Sixth-century Ireland . . . Five-year-old Fian finds solace from a difficult home life by drawing shapes and patterns in the sand. The artistry he reveals in interpreting the beauties of nature takes him to Iona, where he will be the 'fourth hand' on the Book of Kells, that great treasure of the Celts. Greeted on arrival by the imposing Colum (Columba), Fian is gradually drawn into a community of laughter and stories, prayer and scholarship. But his formative experiences have left him vulnerable. In encountering blue-eyed Mara, a girl who bears a terrible secret, he recognizes another soul who lives with both desolation and joy. And as their friendship begins to deepen, Colum's rough-and-ready kindness leads the master to make an error of judgement that will have devastating consequences . . . This lyrical, timeless story, which unfolds amidst the elemental beauty of one of the holiest places on earth, is an exploration of doubt, faith - and the brokenness of spirit that finally releases us into love.
Les mer
A widely appealing story with a Celtic Christian element at its heart
Steven's first novel robustly and sensitively explores the debilitating consequences of abuse, violence and the lack of love. It promises even greater things to follow -- Review of Glen Lyon * Scotland on Sunday *There is honesty in the novel about the nature of love . . . gripping -- Review of Glen Lyon * The Lochaber News *This is no ordinary love story but a complex tale of two people feeling their way towards each other [...] wonderful descriptions of a landscape and weather unique to Scotland -- Review of Glen Lyon * Scottish Home and Country *It's not every day that you read a book that strikes you as something completely new. When I was offered the chance to read a review copy of Kenneth Steven's The Well of the North Wind, I was pleased to have the opportunity, but unsure of what to expect. What I found was a book that was a million miles away from my standard reading list of fantasy, sci-fi, Christian non-fiction and 'classic' literature. This short novel (coming in at around 150 pages) is set in 6th century Britain, taking place predominantly in Ireland and islands around Ireland and Scotland, so already, it's not a commonly used setting. The novel itself follows the early life of Fian, a boy born in an Irish village and then raised through later childhood and adolescence in monastic communities that have settled the area and begun to spread the message of Christianity. In the course of his childhood, Fian is taken to one such community where he meets Colum, who is actually the historical St Columba, and in this location undertakes work as a scribe. This is the background for a story that follows Fian's relationships with the local people, particularly a girl named Mara, with the monks, and with the God that the monks believe in. This is not a novel that appears overly driven by the plot. There is a progression from event to event, but those events seemed to me to have more importance in themselves, rather than simply functioning to drive on some bigger plot. The language of the book is simple, childlike in places, and, for me, served to ground the narrative more clearly in the consciousness of Fian and, to a lesser extent, those around him. Though this is a novel narrated in the third person, Stevens creates a closeness to the characters that not all third person narratives achieve. This is essential to the book because it leans so heavily on the experiences of those characters, Fian especially. It is a novel that invites you into their most private thoughts, doubts and fear, and carries a lot of emotional weight because of that. At times, I'll admit, I got a bit lost with where the narrative was trying to take me, or what was going on in certain bits, but on reflection, those kind of details are really much less important than the emotional journey that you are invited to join Fian on. In fact, some of the vagueness of details that did, at times, frustrate me, serve to further that experience of being inside Fian's head. Your knowledge is largely limited to his knowledge, and those limits are very real in the book. He is not a main character who has it all sorted; he is not necessarily there as an archetype or an example, as some main characters in novels by Christians are. He is there as a lens through which you can view his world, and maybe reflect on your own life in the light of that. His view of the world is refreshingly unsure and honest. He doesn't know if he believes in the God of the monks, and Steven doesn't shy away from that. He develops the character and allows him to be real. The Well of the North Wind was an excellent book. It was not necessarily the easiest read, despite its length, but those features that made it more difficult in places put in fantastic work elsewhere, drawing you in to the very real lives of the characters. It is an emotionally sensitive, refreshingly honest book, and brings a little known period of British history vividly to life. -- Ben Garry * Ben Garry blog *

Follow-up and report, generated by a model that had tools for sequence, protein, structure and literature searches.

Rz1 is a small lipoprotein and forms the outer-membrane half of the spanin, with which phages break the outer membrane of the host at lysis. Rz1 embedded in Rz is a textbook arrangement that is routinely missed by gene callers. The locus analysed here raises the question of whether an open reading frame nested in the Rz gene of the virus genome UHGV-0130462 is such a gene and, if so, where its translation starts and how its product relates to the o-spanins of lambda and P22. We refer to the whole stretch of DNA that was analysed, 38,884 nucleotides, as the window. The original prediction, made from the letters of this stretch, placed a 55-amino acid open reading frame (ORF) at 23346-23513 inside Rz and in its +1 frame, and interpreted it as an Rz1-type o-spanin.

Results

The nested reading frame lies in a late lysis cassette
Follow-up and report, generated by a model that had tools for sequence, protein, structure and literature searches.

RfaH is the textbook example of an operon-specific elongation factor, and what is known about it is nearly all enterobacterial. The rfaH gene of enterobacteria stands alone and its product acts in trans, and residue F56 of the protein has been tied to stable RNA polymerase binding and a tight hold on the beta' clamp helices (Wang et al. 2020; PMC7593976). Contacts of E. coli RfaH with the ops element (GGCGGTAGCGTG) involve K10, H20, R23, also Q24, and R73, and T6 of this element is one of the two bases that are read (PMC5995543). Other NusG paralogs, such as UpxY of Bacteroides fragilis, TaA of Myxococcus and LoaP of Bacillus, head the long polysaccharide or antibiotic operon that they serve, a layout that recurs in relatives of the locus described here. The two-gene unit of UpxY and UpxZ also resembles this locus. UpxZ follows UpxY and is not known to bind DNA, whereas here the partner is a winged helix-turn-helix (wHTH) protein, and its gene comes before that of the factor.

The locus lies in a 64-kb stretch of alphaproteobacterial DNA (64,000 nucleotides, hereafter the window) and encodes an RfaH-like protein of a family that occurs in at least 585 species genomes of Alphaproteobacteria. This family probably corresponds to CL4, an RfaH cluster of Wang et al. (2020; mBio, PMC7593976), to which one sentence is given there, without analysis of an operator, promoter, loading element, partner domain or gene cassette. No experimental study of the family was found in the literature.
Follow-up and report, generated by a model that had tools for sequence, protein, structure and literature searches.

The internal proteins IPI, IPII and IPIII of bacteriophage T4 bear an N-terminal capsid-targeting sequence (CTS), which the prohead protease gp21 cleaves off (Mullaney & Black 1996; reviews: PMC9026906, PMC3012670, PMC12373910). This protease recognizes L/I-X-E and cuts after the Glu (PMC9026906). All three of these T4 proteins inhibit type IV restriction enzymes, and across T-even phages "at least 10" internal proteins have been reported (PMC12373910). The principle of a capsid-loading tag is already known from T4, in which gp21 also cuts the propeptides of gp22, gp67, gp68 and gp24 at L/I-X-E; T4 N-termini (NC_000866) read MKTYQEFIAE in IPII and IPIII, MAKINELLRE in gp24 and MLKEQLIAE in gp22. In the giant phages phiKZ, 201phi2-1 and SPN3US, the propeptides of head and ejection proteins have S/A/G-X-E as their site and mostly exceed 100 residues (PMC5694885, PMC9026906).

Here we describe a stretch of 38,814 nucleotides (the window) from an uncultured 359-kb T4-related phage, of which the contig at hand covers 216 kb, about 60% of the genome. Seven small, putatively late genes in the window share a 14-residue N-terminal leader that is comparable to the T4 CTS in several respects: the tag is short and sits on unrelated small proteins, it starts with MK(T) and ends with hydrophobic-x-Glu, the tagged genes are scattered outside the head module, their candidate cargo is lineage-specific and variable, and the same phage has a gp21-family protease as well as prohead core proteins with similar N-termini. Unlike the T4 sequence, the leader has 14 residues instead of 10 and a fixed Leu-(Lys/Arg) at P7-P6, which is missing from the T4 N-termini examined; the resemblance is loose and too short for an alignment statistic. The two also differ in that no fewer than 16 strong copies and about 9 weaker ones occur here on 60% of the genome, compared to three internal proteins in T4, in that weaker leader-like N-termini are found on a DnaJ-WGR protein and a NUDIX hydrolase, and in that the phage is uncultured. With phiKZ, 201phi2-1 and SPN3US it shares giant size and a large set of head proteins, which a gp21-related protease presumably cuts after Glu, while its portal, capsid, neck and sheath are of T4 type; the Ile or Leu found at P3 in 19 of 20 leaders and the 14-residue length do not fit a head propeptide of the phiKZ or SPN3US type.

Les mer
A widely appealing story with a Celtic Christian element at its heart


Marylebone House
198 mm
129 mm
01, G
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Om bidragsyterne

Kenneth Steven is one of Scotland's leading poets and several of his collections have been published to date: Island, Iona, Making the Known World New, Salt and Light, Columba, Imagining Things, Wild Horses, The Missing Days, Evensong and Coracle. He also writes novels and illustrated stories for children, and his The Dog's Nose (published in Norwegian, English and French) won the Norwegian Government's Award for Picture Books. Kenneth promotes creativity within primary and secondary schools, and teaches day, and longer, courses to adult writers' groups.